There's something about a big stage and the glare of the spotlight that gets Skylar Thompson's competitive juices flowing.


It has been that way for as long as he can remember. And if you throw in a few naysayers who question his ability to rise to the occasion, so much the better.


"I've always been a very competitive person," Thompson said Tuesday, just three days after leading Kansas State to an upset victory over a top-five Oklahoma team for the second straight year. "When I'm being doubted or people are questioning me or not believing in me, that's when I'm at my best.


"That was kind of the situation this past weekend, and it's just an opportunity to go prove myself and to prove myself to myself and my family and the people in my circle that I know believe in me. That's who I do it for."


What Thompson did was lead the Wildcats back from a 21-point second-half deficit to a 38-35 road victory against the No. 3-ranked Sooners. K-State was a 28-point underdog going into the game two weeks after losing its season opener at home to Arkansas State.


Thompson, who had four rushing touchdowns when K-State stunned No. 5 OU, 48-41, last year, was even better this time around. He completed 18 of 25 passes for a career-best 334 yards and a touchdown, plus ran for three second-half scores.


It was his third career victory against a top-10 team, starting with an upset of No. 10 Oklahoma State his redshirt freshman season in 2017.


Thompson's success is no accident, said Chris Klieman, who designated Thompson as his starting quarterback almost immediately after accepting the K-State head coaching position in December 2018.


"For starters, he's got a great competitive spirit," Klieman said. "He competes his tail off (and) hates to lose.


"He studies the game and wants to continue to push himself — wants to learn more (and) doesn't think he has it figured out. He knows that he can improve."


Thompson knew at an early age that he lived for big moment, citing a fourth-grade championship basketball game as his first memory of gravitating toward center stage.


"I had a game-winning or game-tying shot to go into overtime and played a really good game," he recalled. "I always knew I was a competitive kid. I used to cry when my sister beat me in checkers when I was three years old.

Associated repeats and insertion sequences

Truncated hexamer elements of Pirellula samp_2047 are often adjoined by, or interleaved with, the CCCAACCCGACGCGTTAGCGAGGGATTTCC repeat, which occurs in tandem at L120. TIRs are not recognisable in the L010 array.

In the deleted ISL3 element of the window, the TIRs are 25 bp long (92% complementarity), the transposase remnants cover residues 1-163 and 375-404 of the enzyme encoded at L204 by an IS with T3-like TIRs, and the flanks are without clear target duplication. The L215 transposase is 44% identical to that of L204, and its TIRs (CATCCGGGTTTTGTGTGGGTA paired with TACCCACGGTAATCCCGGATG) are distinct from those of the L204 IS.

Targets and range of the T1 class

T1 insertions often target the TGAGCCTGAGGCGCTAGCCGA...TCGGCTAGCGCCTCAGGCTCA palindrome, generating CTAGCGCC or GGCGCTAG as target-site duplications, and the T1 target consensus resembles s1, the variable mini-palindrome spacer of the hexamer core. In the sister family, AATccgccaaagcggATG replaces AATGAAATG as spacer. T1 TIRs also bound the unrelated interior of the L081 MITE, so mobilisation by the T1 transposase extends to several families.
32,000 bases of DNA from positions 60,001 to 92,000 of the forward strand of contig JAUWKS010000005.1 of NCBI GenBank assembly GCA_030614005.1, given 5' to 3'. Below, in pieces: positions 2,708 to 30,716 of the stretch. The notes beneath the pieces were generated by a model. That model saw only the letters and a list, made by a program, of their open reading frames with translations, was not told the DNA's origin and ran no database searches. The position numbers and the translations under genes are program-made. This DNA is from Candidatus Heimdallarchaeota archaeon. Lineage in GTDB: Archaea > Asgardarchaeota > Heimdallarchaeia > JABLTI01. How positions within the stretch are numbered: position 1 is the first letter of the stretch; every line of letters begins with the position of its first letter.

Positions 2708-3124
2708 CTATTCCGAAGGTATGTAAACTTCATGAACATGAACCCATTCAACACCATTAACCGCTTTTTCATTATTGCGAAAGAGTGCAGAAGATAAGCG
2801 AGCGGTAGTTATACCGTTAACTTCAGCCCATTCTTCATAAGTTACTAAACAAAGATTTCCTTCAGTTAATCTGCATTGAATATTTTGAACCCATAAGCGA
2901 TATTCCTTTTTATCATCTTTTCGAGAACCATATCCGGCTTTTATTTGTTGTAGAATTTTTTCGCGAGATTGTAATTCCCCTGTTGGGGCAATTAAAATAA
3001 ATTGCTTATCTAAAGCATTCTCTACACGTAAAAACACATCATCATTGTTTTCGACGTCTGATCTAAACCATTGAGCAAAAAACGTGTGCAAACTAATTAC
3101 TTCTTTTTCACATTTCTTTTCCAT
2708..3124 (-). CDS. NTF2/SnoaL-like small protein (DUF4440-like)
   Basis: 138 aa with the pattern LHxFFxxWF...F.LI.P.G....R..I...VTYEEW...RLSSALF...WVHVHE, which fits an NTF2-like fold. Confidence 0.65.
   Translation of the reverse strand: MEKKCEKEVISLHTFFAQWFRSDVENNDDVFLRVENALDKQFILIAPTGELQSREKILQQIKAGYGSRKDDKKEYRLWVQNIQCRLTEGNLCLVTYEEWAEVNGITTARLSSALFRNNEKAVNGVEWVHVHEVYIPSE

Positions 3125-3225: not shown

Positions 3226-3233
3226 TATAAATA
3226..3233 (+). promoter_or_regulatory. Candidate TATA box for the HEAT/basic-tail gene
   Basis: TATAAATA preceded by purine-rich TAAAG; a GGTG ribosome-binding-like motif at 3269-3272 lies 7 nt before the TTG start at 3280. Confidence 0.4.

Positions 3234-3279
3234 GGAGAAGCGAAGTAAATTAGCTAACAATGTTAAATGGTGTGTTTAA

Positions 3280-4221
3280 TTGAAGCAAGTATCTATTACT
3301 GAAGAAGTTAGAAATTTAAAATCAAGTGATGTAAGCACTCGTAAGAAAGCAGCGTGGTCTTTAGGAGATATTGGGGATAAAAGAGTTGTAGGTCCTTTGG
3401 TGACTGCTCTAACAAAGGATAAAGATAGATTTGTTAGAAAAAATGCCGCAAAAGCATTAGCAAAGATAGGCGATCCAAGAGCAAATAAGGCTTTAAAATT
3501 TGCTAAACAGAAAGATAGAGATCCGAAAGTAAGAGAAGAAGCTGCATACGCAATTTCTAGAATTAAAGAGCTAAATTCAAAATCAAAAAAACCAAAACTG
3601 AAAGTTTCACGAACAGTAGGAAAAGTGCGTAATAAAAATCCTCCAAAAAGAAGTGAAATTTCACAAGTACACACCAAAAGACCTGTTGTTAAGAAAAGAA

"I remember that basketball game. I love big games and opportunities to prove myself."


But seeking the spotlight and navigating through the big games, especially one as tight as Oklahoma on Saturday, are two different things. That's where Thompson excels, according to senior safety Jahron McPherson, who saw it firsthand growing up in the Kansas City metro area.


"He's always composed," said McPherson, who went to Basehor High School on the Kansas side while Thompson played at Fort Osage in Independence, Missouri. "We grew up together and I've watched in big games from when we were 7 years old all the way until now.


"That man is always composed, and as a quarterback, when you're composed, everyone else is going to be composed. So that great leadership by him is just outstanding."


Or, as linebacker Elijah Sullivan succinctly put it, "He's a gamer."


Klieman has seen it as well in just a little over one season at K-State.


"He’s a guy that plays really well when he’s confident and when we get him some early throws that have success, and then he kind of feeds off that," Klieman said of Thompson, who continues to climb the K-State career chart in numerous offensive categories. "He sees the field much better now than when we first got here, but that’s a credit to him.


"He’s really spent the time with coach (Collin) Klein and coach Mess (offensive coordinator Courtney Messingham), learning our system and getting more comfortable and confident with changing a play, changing a protection, finding those matchups like we talked about before.


"I’m excited for him."


For his career, Thompson ranks third in school history with 29 starts and is in line to pass leaders Ell Roberson (32) and Josh Freeman (31). He ranks fifth in quarterback rushing yards (1,062) and rushing touchdowns (22), plus seventh in career passing yards (4,988) and passing touchdowns (29).


With 12 more yards through the air, he will join Roberson as the only K-State quarterbacks with 5,000-plus passing yards and 1,000-plus rushing.


"If he’s a healthy player, which he is right now, I think he can do some really special things," Klieman said of Thompson, who suffered a minor injury against Arkansas State that essentially took him out of the quarterback run game. "We have to continue to keep him protected (and) try to keep him away from some of those hits, but I’m excited about what he’s done and what he’s going to continue to do this season."


The Oklahoma game was just the latest example.


"I love big games, I live the spotlight and I love having that pressure and no one giving us a chance to win," Thompson said. "That was my message to the football team before the game this weekend.


"I’m speaking for a hundred other guys who feel the same way. That’s why we came to K-State. That’s why you want to be a K-State Wildcat to have opportunities to be the underdog and to win games like that."